A place for (almost) every thing and everything in its place: phonotactic effects on phonological development in Italian

Cucinelli, Alex (2020) A place for (almost) every thing and everything in its place: phonotactic effects on phonological development in Italian. Masters thesis, Memorial University of Newfoundland.

[img] [English] PDF - Accepted Version
Available under License - The author retains copyright ownership and moral rights in this thesis. Neither the thesis nor substantial extracts from it may be printed or otherwise reproduced without the author's permission.

Download (625kB)

Abstract

In learning their first language(s), children must acquire a phonemic inventory, a syllable shape (e.g., CV, CVC, CCV), and an understanding of which phonemes can occupy which positions within the syllable or word. In hierarchical representations, this can be accounted for through constraints on dependency relationships, where the specification of segmental features in dependent positions captures marked options. This thesis examines the phonological development of four Italian-learning children, whose overall behaviour aligns with implicational relationships proposed in the literature. I account for their behaviour through hierarchically organized prosodic and segmental representations which reflect claims based on the notion of markedness. These representations incorporate the prediction that early stages of acquisition and typologically ubiquitous syllable shapes represent unmarked options, while syllable shapes learned relatively late and those only allowed in typologically rare languages constitute more marked options. By investigating prosodic development alongside segmental development in Italian, this thesis contributes novel observations concerning the markedness of prosodic dependency in reference to sonority and place or articulation, for example: liquid+consonant, strident+consonant coda-onset clusters and consonant+liquid onset clusters all imply homorganic nasal+consonant coda-onset clusters, which also means that complex onsets imply coda-onset clusters, both in child grammars and in the typology of adult grammars.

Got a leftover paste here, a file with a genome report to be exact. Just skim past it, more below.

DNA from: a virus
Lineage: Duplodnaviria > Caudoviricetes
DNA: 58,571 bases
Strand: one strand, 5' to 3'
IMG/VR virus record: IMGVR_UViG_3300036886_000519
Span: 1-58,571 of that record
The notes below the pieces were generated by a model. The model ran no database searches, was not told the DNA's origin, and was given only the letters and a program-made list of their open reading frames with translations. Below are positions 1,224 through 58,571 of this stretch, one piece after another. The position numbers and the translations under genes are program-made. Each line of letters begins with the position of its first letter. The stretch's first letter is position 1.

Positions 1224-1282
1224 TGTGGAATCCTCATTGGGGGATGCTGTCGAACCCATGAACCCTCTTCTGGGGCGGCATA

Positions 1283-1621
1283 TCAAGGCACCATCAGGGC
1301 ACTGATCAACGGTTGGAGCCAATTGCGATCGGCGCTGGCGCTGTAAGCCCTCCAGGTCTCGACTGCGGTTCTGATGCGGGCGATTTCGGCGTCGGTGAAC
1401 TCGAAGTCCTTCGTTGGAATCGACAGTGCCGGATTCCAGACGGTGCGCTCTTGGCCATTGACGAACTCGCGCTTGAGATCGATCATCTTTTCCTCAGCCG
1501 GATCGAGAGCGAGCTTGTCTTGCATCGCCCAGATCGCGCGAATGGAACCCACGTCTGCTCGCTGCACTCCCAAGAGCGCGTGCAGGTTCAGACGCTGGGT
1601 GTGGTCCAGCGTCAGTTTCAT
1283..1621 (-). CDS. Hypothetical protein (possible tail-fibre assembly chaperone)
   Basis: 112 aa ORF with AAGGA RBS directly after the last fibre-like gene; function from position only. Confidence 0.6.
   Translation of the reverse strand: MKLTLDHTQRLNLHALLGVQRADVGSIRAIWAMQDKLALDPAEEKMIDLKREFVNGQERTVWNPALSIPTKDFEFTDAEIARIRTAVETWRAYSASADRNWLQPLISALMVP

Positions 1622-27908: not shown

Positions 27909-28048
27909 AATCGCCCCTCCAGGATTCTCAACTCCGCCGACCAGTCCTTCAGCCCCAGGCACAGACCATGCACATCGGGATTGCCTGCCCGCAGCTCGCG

Item Type: Thesis (Masters)
URI: http://research.library.mun.ca/id/eprint/14795
Item ID: 14795
Additional Information: Includes bibliographical references (pages 115-121).
Keywords: Phonology, Child Phonology, Phonotactics, Language Acquisition, Prosodic Structure, Italian
Department(s): Humanities and Social Sciences, Faculty of > Linguistics
Date: September 2020
Date Type: Submission
Library of Congress Subject Heading: Children--language; Italian language--Phonology; Italian language--Acquisition

Actions (login required)

View Item View Item

Downloads

Downloads per month over the past year

View more statistics